Mr Garner is naturally proud of the fact that his shop has an interesting literary association. In the Life of Cowper, the late Thomas Wright, the Olney historian, records that it was at 21, Market Place, just as she was about to enter, that the poet had the first glimpse of Lady Austen, who afterwards had so considerable an influence upon him, and at whose suggestion he composed his fine work, ‘The Task’. Cowper lived opposite at the house which is now the Cowper Museum. That was in 1781, and the shop was then a linen draper’s, in the occupation of a Mr. Palmer. It was at this same house many years after, that there resided the Misses Daniells, two sisters, engaged in business as dressmakers, one of whom, 43 years ago, was to become Mr Garner’s wife.

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Garner’s Handcart, often seen outside the shop (Currently on display at the Cowper & Newton Museum)

The shop has another link with Cowper. This is a counter, still in use, on which the poet often sat when visiting the premises.

To summarise how in the course of 50 years a small business, under the able guidance of Mr Garner, has grown to an important concern, it need only be mentioned that in 1896 alterations were effected which allowed for the accommodation of the up-to-date gents’ clothing department. This change not only increased the business but materially improved the appearance of that side of the Market Place. In 1901 Mr Garner secured the adjoining premises, formerly occupied by Messrs Dimmock & Co., which are utilised as the linoleum, floorcloth and carpet department. But it was at the close of the Great War that the most extensive alterations were made. Then the old building was pulled down and rebuilt, and the installation of a fine plate glass front from end to end of the site marked another step up the ladder in the firm’s history. There are now four large windows, and the frontage measures 66 feet, enabling this progressive firm to make one of the largest and most attractive displays to be seen in Olney or any other North Bucks town. All this has been accomplished by sheer hard work and by a desire on the part of Mr Garner and his son to seize upon opportunities for development as they have presented themselves. And in the progress they have made they have accomplished not a little in improving the conditions under which the people of Olney and the district are able to shop. In visiting Garner’s the public know that not only will they be met with civility but with a desire on the part of the principals and their staff to give good service and to offer goods of reliable quality at the right price. It is in that spirit that they have launched the great sale now in progress and which so fittingly commemorates Mr J J Garner’s fifty years’ continuous association with business life of Olney. His motto through life has been – ‘Get a reputation among your customers, serve them well, and you are on the high road to success.’ He has lived up to that high ideal unflinchingly, and therein lies the secret of the great progress he has been able to make, and the proud place his business holds in the trading interests of Olney and a very wide area outside.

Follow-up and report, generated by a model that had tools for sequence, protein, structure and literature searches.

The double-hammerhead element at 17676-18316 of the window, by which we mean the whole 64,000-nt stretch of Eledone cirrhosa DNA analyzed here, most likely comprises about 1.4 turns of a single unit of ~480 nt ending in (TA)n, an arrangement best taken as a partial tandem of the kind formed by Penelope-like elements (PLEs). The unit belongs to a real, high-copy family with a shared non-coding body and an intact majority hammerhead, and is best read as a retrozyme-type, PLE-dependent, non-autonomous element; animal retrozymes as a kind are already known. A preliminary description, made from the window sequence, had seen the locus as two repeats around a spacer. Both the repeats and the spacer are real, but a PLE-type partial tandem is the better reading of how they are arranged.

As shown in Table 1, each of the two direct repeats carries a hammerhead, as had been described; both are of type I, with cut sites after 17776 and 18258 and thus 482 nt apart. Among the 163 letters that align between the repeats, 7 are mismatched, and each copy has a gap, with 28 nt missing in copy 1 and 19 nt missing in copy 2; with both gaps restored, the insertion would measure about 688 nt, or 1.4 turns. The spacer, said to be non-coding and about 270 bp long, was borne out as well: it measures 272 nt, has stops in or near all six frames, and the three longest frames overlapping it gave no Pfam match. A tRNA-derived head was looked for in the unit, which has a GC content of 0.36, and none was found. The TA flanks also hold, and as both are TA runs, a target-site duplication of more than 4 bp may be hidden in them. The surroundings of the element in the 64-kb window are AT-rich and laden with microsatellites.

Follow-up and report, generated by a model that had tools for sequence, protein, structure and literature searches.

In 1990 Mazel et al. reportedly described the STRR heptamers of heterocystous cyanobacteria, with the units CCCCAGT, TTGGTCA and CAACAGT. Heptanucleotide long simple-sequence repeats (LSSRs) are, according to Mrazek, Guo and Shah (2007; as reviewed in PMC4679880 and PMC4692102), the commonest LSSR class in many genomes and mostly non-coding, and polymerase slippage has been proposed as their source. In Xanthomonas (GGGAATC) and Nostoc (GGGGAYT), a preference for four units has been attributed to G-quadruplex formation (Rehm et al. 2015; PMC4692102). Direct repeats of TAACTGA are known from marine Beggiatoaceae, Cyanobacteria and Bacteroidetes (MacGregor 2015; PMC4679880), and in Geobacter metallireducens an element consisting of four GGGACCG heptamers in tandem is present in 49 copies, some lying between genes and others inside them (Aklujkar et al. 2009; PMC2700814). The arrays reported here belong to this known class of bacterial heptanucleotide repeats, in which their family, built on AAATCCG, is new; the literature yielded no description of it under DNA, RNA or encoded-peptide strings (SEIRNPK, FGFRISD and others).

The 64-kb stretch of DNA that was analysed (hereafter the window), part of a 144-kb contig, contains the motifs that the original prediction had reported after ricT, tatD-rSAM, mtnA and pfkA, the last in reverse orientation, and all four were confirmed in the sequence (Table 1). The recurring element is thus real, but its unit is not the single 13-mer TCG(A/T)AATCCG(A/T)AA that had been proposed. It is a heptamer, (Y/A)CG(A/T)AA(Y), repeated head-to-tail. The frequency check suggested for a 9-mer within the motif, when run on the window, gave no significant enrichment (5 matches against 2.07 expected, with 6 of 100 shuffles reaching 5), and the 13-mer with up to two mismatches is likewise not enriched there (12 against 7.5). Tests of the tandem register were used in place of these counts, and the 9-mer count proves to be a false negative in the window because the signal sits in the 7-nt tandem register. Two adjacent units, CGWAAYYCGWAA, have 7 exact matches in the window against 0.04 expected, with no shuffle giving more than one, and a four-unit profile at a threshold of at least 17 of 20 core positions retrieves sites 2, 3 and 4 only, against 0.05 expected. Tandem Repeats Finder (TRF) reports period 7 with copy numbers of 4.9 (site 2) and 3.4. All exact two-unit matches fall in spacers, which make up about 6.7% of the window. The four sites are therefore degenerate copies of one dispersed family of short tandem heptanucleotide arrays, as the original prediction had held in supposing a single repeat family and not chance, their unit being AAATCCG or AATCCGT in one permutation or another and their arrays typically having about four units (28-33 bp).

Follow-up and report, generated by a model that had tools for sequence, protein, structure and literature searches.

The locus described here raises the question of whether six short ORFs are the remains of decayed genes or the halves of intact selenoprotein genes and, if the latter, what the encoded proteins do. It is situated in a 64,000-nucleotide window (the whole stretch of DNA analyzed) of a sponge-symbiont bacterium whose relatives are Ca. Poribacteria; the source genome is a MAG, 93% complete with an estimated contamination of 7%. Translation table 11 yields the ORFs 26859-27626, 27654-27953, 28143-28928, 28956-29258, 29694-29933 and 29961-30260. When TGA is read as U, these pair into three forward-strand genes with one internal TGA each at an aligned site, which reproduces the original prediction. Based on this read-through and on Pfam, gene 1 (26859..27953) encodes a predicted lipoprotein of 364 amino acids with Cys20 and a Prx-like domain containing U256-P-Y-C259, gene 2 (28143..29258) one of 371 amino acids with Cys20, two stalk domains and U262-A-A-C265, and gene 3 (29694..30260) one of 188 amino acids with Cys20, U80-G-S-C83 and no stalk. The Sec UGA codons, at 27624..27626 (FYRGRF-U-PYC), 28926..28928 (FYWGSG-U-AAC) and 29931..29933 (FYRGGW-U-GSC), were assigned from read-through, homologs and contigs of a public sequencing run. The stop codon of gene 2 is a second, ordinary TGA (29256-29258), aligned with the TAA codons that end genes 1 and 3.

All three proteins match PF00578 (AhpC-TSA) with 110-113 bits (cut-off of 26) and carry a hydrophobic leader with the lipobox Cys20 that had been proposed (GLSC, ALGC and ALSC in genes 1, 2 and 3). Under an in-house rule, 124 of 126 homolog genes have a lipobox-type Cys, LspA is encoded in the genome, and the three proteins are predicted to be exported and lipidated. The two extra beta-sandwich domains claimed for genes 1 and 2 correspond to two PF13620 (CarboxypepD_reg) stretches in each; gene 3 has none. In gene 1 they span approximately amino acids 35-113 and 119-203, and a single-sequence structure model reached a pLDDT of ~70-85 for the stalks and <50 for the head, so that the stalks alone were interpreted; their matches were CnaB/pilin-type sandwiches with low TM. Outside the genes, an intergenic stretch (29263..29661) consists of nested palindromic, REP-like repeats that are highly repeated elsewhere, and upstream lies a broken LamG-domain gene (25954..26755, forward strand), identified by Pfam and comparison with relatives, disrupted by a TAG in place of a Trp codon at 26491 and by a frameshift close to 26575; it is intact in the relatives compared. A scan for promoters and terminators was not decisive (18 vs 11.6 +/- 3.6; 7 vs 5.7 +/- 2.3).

What rejoices Mr Garner more than anything else is the happy relations which exist between himself and his co-traders. ‘We are a very happy family,’ he says, ‘and we work together amicably and smoothly.’ That is a tribute which the business men of Olney will appreciate, coming as it does from a colleague who has been longer in business than any of them.

Yesterday (Friday) morning Mr Garner had a surprise presentation from the members of his staff, in the form of a silver card case, which was handed to him by Miss West. The case had the engraved inscription:- ‘Presented to Mr J J Garner by the staff. 1886 – 1936.’

To Mrs Garner the staff presented a beautiful bouquet of golden flowers.

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Morris and Ford delivery vans outside Garner’s shop – October 1931 (The Ford is on the left and the Morris on the right)